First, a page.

Verification checks show 1997 voters' list grossly inflated
September 8, 2000
The PNC will pass to the Elections Commission, the information it has so far gathered from the verification checks by its activists on the National Register of Registrants (NRR).
General Secretary, Oscar Clarke, told a Congress Place press conference on Wednesday that the information related to names which should not be on the list as well as those which should be on but had been left off.
Earlier, Desmond Hoyte the PNC leader told reporters that Clarke had written to Chairman of the Elections Commission, Joe Singh, expressing concern that the "1997 final voters' list was grossly inflated, particularly in Regions One, Two, Three, Four, Five, Six, and Nine," as a consequence of:
· Multiple registration of the same person using the same name or other names within a particular region and/or in different regions;
· Registration of under-aged persons;
· Registration of Guyanese outside Guyana;
· Registration of non-existing persons in selected areas such as: Region 1
(Barima/Waini) - Imbotero, White Water - Wauna, Forest Enterprise, Santa Rosa - Moruka; Region Two (Pomeroon/Supenaam) - Golden Fleece, Cullen, Perseverance, Aurora, Huis't Dieren; Region Three (Essequibo Islands/West Demerara - Zeelugt, Tuschen, Meten-Meer-Zorg, Cornelia Ida, Private Lands, Canal Number Two left bank, Middlesex, the Buff; Region Four (Demerara/Mahaica) - East Coast Demerara, Mahaica River, Cane Grove, Enterprise, Lusignan, Mon Repos, Better Hope, East Bank Demerara, Grove/ Diamond Place;
Region Five (Mahaica/Berbice) - Mahai-cony River; Region Six (East Berbice/Corentyne) - Oreal-la, Crabwood Creek, Number 47 Village, Number 64 Village, Mibicuri, Yakusari, Albion, Nigg Settlement, Guava Bush, Doctor Bush, East Canje; Region Nine (Upper Essequibo/Upper Takutu - Karasabai, Shulinab (Macushi), Toka, Pakani/ Smyths, Manariwau/Ara-kwai.
Hoyte observed that "of deep concern to the PNC is the fact that some regions recorded an extraordinary increase on the electorate and an equally astonishing increase in voter turnout."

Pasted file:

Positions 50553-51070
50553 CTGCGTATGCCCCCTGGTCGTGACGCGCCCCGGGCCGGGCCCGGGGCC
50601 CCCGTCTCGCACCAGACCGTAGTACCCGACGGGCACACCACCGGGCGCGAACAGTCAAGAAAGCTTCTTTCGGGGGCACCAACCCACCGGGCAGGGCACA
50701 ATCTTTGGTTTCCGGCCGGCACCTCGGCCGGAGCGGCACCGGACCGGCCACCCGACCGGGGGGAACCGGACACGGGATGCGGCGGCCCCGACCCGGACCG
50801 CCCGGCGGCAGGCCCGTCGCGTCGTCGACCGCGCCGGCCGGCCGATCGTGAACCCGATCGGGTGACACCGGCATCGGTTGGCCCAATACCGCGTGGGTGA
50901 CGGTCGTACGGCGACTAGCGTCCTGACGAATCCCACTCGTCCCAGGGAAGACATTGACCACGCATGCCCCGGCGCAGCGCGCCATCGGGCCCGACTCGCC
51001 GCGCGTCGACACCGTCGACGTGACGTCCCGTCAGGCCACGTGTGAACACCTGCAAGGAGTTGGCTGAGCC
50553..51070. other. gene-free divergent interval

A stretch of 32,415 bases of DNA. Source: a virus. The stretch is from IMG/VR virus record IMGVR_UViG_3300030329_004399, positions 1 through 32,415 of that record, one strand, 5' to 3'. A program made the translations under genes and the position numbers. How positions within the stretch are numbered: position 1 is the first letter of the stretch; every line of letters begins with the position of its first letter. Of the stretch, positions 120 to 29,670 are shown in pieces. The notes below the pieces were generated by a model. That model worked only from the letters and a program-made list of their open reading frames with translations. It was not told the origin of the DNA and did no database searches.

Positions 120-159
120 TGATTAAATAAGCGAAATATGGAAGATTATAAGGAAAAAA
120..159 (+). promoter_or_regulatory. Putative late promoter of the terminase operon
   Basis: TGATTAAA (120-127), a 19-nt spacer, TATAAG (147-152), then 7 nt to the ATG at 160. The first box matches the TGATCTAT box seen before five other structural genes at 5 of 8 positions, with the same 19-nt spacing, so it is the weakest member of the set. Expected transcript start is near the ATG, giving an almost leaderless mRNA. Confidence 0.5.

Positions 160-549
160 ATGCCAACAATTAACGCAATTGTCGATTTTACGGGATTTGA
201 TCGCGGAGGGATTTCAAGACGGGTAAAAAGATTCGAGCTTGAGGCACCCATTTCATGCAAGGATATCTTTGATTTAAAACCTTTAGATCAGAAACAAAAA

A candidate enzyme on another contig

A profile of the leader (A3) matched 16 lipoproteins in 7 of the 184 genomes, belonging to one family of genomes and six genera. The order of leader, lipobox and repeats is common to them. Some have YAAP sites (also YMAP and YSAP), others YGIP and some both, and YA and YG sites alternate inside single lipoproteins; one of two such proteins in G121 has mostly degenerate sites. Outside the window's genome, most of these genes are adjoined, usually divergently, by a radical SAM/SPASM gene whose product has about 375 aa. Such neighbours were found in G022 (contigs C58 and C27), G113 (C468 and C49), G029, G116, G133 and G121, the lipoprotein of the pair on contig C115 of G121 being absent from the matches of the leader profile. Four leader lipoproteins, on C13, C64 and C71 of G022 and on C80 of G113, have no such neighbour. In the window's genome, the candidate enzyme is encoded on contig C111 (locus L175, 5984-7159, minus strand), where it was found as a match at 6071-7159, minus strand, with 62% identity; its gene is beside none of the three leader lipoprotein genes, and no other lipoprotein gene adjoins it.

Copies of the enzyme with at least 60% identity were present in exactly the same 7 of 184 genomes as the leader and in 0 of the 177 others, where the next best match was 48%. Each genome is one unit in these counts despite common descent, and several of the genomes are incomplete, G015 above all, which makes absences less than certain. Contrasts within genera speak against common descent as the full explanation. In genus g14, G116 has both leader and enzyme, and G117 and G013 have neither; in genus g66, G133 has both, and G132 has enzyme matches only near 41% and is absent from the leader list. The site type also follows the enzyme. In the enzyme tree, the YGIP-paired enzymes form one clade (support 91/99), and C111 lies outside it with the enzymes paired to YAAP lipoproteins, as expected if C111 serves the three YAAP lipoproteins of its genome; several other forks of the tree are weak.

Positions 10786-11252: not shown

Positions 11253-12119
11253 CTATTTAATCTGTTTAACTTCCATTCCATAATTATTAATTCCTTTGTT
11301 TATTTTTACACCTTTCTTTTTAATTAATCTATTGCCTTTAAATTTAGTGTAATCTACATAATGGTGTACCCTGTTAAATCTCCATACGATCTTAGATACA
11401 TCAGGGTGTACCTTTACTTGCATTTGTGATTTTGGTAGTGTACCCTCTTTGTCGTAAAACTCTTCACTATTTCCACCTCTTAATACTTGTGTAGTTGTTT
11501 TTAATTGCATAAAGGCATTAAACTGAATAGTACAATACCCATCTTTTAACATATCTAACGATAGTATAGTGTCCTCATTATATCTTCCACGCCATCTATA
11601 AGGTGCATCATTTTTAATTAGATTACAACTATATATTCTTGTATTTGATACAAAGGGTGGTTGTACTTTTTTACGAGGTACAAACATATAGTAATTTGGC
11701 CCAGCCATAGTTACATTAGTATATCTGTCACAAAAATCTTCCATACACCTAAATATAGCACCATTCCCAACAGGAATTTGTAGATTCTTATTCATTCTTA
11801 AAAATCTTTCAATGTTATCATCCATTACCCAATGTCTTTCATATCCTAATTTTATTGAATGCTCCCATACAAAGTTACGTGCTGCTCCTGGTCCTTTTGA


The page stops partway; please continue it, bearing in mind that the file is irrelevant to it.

He explained that in Region One "voter registration had leaped from 8,712 in 1992 to 12,337 in 1997 - an increase of 41%. And voter turnout rose dramatically from 54 per cent in 1992 to 83 per cent in 1997."
Both Hoyte and Clarke said that these irregularities had gone unnoticed because of the inaccessibility of some of the locations identified and the deficiencies in the monitoring by the party scrutineers.
Hoyte said that "the PNC did not intend to sit back idly and allow these fantastic numbers to disfigure the voters' list and results at the next elections".
He said too that in addition to the inflated voters' list in these areas, there was also the problem of persons who were disenfranchised by the simple technique of not extracting their names from the national register for inclusion in the 1997 voters' list, even though these persons had been processed during the 1996 National Registra-tion exercise.
Hoyte also accused the government of obstructing the work of purifying the voters' list and charged that the Statistical Bureau had dragged its feet and responded to political pressure in providing, after unconscionable delays, a projection of population growth since the 1991 Census requested by the Elections Commis-sion. He said that the information was given to the commission at the end of last week, the time when the work to be done with the information was scheduled to be completed.